• Dec 20, 20107:15 pm
    by detroitpcb

    Reply

    like your Mom i loved AD but……the real key is that very last sentence in the quote from Steve Addy. The refs had stopped giving AD his calls and he was not getting to the line. And yes, AD was a much worse version of Tay – all ball movement stopped when he has the ball. But they had lived with that. It was the fact that he was no longer producing at the same level because the refs stopped blowing the whistle for him that got him shipped out of town.

  • Dec 20, 20107:47 pm
    by Jimmy

    Reply

    Bill Simmons discussed this in his Book of Basketball. From the sound of it, Dantley had been bristling with the coach and/or other players. This disrupted the team chemistry. Aguirre wasn’t as good a player as Dantley, but he was more willing to defer to Dennis Rodman and cooperate with the team and coahc. It was that increase in team chemistry and cohesiveness that got the Pistons over the top.

  • Dec 21, 20103:08 am
    by frankie d

    Reply

    dantley got screwed.
    the team could have won with him, as it did with aguirre, but isiah started sabotaging the team.  he would simply refuse to pass the ball to dantley.  dantley would often be wide open, posted low, with great position and thomas would obviously ignore him and rotate the ball to the other side.
    it was one of the most amazing periods of watching nba ball that i’ve ever seen.  and the sight of that kind of open, childish, on court conflict soured me on isiah forever.
    so, yes, it is true that the team was not playing particularly well when the trade was made.  but to anyone watching the team play, the reason was obvious: zeke was letting his rivalry with dantley impact on the way he played on the court.  and because he was the point guard, and because he had the ball in his hands most times, and because he was such a strong leader, he had a huge impact on how every player on the court performed.
    at a certain point, zeke decided that he was going to run dantley out of town and he was ultimately successful.  imho, it was not because he wanted aguirre, though aguirre ended up being the beneficiary.  he just hated dantley, for a number of reasons, and because he was the biggest dog on the block, he ultimately got his wish, and dantley got exiled, right on the verge of achieving his dream of winning a title.
    life aint fair, and it is not the biggest deal in the world, or even nba history.  but that entire situation revealed everything you need to know about zeke: the good, the bad and the ugly.

  • Dec 21, 20109:08 am
    by Patrick Hayes

    Reply

    @Jonas:
    I’ll check it out. Thanks for the head’s up!

  • Dec 21, 20109:15 am
    by Patrick Hayes

    Reply

    @Gregory:

    Dantley has been a phenomenal player at every level, starting in high school at the legendary DeMatha Catholic.

    At the camp I went to where Dantley was one of the speakers, he was the only one of the pro/college coaches who actually stayed all day. The others just kind of gave a quick talk, signed a few autographs and left. AD stayed for about four hours, and he drilled footwork into every player. His techniques in individual drills are unlike anything I’ve ever seen, and I’ve shared a bunch of his drills with some of the HS coaches I know over the years.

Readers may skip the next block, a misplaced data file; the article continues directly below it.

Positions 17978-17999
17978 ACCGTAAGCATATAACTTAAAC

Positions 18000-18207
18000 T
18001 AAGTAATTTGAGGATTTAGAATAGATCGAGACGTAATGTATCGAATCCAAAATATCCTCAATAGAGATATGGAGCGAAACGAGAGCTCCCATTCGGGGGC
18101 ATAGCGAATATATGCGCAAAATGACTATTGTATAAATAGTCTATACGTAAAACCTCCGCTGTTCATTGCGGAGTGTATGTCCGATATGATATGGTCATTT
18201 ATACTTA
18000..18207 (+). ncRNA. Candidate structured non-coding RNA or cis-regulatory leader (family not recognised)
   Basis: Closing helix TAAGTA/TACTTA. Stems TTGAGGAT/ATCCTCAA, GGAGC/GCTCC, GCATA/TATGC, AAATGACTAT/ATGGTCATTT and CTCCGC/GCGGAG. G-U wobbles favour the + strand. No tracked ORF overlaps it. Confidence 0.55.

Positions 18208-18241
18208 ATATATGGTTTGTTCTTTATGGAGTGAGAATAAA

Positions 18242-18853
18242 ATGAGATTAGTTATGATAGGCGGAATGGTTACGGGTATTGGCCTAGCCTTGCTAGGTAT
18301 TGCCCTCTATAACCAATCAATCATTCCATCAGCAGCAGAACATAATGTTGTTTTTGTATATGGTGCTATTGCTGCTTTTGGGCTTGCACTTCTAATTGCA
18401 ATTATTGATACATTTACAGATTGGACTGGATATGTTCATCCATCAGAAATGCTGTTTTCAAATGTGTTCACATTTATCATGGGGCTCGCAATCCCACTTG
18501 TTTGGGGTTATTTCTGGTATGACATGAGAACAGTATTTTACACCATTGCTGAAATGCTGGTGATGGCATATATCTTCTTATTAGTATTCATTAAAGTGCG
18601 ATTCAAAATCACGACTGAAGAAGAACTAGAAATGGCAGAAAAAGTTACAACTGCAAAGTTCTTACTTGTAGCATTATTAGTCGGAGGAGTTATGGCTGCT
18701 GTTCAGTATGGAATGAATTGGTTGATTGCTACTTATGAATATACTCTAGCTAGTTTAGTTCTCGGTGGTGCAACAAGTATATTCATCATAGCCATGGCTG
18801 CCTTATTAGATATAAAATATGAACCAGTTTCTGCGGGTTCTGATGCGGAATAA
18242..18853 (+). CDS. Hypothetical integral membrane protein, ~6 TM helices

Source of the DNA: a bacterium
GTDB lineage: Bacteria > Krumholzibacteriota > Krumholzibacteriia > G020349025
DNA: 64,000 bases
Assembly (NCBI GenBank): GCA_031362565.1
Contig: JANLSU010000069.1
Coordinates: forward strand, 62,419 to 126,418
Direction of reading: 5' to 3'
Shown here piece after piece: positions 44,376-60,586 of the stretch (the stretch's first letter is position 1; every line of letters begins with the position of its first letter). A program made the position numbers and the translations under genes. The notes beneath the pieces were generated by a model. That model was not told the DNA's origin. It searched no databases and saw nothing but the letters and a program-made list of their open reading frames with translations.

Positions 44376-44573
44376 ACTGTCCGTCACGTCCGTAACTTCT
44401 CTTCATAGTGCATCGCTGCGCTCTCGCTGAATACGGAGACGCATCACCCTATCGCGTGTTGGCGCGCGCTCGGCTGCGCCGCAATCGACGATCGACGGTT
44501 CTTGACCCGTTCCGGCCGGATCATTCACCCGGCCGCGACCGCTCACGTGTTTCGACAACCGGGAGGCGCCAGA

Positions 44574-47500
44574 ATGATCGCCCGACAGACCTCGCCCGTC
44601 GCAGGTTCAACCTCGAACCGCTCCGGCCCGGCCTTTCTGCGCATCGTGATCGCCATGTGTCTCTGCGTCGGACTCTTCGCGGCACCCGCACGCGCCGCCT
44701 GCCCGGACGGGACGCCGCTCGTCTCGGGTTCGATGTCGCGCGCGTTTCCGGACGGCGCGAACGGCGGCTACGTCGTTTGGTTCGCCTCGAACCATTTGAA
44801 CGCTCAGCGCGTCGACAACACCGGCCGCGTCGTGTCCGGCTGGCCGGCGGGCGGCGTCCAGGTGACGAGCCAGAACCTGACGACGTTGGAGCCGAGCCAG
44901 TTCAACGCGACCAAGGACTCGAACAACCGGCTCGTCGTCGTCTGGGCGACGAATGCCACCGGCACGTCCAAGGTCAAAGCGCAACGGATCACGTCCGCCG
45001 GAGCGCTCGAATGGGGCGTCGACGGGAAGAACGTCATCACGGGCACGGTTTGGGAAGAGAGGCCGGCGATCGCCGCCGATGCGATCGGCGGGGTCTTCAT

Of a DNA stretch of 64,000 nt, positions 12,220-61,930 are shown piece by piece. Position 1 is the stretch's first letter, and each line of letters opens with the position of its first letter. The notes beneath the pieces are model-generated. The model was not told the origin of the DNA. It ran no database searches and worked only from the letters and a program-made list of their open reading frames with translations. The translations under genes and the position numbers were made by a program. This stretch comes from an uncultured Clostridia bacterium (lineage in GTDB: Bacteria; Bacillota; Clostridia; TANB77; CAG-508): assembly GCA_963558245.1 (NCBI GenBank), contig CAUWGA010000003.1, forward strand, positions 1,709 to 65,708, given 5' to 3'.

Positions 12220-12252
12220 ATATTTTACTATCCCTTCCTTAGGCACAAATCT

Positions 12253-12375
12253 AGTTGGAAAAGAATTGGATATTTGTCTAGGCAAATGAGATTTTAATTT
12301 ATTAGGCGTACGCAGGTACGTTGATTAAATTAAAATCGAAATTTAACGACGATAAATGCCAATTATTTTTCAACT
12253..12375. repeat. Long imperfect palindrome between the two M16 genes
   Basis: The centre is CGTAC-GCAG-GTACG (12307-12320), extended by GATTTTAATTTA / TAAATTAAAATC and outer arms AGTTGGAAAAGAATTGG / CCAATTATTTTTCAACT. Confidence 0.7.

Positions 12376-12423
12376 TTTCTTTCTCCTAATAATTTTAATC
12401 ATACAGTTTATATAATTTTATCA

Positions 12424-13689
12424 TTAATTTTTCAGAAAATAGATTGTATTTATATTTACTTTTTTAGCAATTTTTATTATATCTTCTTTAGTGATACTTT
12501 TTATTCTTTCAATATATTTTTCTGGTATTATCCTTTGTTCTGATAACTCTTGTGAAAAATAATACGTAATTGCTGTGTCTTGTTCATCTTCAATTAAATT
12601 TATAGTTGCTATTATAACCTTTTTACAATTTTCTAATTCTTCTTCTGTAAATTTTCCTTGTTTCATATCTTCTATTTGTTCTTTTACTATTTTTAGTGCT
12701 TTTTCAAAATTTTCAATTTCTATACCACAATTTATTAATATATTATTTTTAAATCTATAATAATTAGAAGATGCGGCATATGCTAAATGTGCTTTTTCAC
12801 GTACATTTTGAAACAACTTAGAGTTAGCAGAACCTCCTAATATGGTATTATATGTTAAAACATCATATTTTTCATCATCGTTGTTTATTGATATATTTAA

• Dec 21, 20109:29 am
    by Patrick Hayes

    Reply

    @Jimmy:

    I don’t know how much Aguirre was “willing” to defer. I think he really had no choice. He was called a malcontent in Dallas and he was known for playing half-assed. In Detroit, before he’d even played a game, Isiah and Laimbeer took him out to dinner and basically told him flat out that the team wouldn’t stand for that here, so he fell in line. I think that Isiah/Laimbeer culture was too much for anyone to stand up to. Like it or not, they set the tone for the team, and as Dantley proved, if you weren’t lock-step with what they wanted, you were out.

    • Dec 1, 20118:10 pm
      by Ben

      Reply

      I don’t understand why you’re focusing on the word “willing” regarding Mark Aguirre’s play in Detroit; are you implying that he didn’t want to give up shots or cede playing time to Dennis Rodman, and only did so out of fear that Isiah and Bill Laimbeer would turn on him? The only reason for that argument I can see is to undercut the facts: a player who didn’t fit in or win titles in Dallas did both in Detroit. Aguirre deserves credit for making the trade work, not blame for sins he never committed, and for doing what he needed to do.

  • Dec 22, 20106:11 am
    by Dan Feldman

    Reply

    I think the Pistons still would have won with Dantley, but they were better with Aguirre for the precise reason you mentioned — Rodman had a bigger role.

  • Mar 16, 20138:09 am
    by David Jonas

    Reply

    I think the Pistons would have won with Dantley, but can’t argue against the trade as it worked out well for the Pistons.  I do feel bad for Dantley as he helped turn the Pistons from a playoff team into a championship contender and then didn’t get to reap the rewards.  I do believe that Isiah was behind the trade as although he was “just a player” as he claimed, he was the franchise player and team leader and you can bet that he would have strong influence over any trades that were made involving key players just like any other team leader would.

  • Mar 21, 20133:20 pm